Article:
"It's not like the carrier is going to pay them twice," says Lowenstein. "That should be coordinated with the person handling the divorce proceedings. The parents should go with the best coverage possible, the spouses should decide who covers the children and go to their HR people and put them on the better policy."
If the divorce isn't amicable, the courts will send all of the necessary information regarding health care (medical records, insurance identification numbers) to the spouse who is awarded custody
Other questions of custody and insurance include:
- Changes in address or names (women may revert to their maiden names or remarry and change last names).
- Informing an employer or health plan administrator when and if a spouse or dependents should be removed from your employer's group health plan.
Lowenstein says, in some cases, when both parties are responsible for the uncovered medical expenses of the children, a number of problems can arise. There might be one parent with the health insurance policy who is putting in claims but keeping the reimbursement or a portion of it and not sharing it with the other parent to pay for the child's medical expenses.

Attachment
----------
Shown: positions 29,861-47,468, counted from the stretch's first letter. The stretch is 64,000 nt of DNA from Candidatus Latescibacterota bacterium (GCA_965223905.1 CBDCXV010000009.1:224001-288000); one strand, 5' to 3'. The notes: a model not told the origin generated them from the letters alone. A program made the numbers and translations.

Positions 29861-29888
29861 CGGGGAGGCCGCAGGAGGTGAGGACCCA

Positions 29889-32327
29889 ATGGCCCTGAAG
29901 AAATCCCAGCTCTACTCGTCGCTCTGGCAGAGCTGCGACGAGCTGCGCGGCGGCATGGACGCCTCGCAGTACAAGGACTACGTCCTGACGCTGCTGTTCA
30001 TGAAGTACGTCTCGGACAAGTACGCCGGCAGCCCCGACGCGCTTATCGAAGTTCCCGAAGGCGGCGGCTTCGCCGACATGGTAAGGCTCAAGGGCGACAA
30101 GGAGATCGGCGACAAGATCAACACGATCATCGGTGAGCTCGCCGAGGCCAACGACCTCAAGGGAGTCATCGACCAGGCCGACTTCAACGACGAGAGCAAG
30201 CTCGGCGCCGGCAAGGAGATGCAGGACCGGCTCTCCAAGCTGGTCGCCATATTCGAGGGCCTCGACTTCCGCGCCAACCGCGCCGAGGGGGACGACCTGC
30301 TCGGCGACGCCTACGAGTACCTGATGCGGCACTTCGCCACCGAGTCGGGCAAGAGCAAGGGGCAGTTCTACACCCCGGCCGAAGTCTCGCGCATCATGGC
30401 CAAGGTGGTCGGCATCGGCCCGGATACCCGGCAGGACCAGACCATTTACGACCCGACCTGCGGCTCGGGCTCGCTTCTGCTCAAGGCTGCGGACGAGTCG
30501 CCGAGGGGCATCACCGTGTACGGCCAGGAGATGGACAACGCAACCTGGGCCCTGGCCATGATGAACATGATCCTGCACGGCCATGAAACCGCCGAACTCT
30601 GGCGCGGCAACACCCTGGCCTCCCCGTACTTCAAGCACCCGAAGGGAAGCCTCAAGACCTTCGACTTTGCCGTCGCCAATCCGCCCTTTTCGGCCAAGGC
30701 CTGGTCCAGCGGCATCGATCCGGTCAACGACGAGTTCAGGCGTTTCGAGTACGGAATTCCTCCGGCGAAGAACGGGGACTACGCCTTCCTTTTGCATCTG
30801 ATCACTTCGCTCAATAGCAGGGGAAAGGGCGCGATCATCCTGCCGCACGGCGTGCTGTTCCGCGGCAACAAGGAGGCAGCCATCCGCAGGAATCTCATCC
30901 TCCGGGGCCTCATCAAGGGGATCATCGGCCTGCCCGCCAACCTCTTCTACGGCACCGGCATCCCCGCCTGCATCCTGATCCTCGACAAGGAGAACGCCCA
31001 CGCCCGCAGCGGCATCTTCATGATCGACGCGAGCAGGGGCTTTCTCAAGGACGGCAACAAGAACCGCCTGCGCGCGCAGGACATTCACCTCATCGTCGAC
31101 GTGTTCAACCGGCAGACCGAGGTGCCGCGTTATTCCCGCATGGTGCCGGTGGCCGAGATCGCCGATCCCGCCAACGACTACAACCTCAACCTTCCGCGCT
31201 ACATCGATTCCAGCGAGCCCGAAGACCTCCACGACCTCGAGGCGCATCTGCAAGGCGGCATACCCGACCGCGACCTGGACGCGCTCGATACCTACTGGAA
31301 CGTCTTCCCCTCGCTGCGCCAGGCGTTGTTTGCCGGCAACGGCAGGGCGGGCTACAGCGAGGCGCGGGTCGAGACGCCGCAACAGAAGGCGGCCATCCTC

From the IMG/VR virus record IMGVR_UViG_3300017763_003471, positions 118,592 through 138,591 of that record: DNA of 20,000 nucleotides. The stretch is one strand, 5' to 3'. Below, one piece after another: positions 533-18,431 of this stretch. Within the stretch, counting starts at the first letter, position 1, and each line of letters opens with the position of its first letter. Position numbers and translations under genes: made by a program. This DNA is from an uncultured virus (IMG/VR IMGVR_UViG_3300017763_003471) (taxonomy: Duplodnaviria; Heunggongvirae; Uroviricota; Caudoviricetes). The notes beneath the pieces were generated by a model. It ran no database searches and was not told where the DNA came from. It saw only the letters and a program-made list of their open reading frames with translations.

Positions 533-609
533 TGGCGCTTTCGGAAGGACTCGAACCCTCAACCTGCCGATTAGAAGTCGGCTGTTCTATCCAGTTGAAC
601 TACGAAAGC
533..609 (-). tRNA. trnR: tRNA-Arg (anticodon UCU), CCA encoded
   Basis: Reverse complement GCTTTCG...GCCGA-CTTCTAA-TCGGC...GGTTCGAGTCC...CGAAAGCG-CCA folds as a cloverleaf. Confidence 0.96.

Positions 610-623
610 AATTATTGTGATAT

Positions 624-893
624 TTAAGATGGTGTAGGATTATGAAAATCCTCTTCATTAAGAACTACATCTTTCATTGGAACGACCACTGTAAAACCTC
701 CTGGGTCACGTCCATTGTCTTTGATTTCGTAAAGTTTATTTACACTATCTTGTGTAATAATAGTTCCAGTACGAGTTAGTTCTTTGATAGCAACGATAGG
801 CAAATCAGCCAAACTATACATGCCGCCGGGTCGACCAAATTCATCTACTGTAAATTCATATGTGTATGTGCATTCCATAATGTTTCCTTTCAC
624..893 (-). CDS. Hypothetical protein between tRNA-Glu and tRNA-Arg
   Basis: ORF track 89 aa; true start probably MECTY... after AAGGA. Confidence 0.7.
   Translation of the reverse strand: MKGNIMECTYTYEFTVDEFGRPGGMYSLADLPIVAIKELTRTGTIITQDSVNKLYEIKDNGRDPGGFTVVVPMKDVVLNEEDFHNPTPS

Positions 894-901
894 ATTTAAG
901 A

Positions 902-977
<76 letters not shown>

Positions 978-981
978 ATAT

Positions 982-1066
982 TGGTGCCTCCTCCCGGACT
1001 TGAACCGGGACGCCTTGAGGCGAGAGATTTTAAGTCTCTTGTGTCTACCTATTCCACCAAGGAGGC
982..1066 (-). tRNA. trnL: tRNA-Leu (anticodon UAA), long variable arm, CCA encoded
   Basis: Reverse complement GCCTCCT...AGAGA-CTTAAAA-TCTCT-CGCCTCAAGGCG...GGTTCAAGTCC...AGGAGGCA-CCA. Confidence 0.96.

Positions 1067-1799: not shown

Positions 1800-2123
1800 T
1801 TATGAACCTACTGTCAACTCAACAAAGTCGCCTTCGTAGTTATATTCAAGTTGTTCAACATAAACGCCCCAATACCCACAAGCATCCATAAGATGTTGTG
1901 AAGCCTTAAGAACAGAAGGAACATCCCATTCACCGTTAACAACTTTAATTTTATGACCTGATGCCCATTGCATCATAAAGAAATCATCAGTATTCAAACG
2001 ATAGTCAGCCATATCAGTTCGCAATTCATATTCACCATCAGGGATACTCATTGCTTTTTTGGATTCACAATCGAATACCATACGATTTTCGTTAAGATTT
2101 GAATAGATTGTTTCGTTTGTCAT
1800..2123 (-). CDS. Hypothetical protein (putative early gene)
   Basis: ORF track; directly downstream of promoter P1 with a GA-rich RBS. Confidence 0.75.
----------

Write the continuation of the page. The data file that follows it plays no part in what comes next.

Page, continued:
"It has been known to happen, so it's best that the parent who has custody has a means of contacting the other spouse's insurance to determine that they are getting the full reimbursement for their child's medical expenses," says Lowenstein.
There are also ways to make sure insurance premiums are paid after a divorce.
"It's called a qualified medical child support court order, or QMSCO," explains Lowenstein. "It's used to enforce an order for a health plan participant to provide child-support health benefits. It also allows the non-employed spouse to communicate with the former spouse's insurance company and payments for reimbursement for medical expenses are made directly to the spouse who has custody."
Auto and home insurance
If both you and your spouse's names are on your car insurance policy, contact your auto insurer and ask for separate policies. Have your spouse removed from your car insurance policy if he or she will no longer be driving your car.
Brian Wilson, an attorney with Nicodemo & Wilson in Canton, Ohio, emphasizes the importance of naming a son or daughter as the "named insured" or "resident relative" on a car insurance policy.
"You have to make sure the divorce attorney ensures that minor children are covered under one or both of the parents' policies," he says.
If a teen alternately resides with each parent under a custody or visitation arrangement, it is not uncommon for the teen to have access to both parents' vehicles at both homes. You'll want to make this clear to the insurance companies in order to have proper coverage and pricing.
If you are getting the house — typically your most valuable asset — make sure the home insurance policy is in your name. You also want to review your personal-property coverage limits. Since ownership of many of your joint assets will be divided between you and your spouse, you may be able to reduce your personal-property coverage and save money.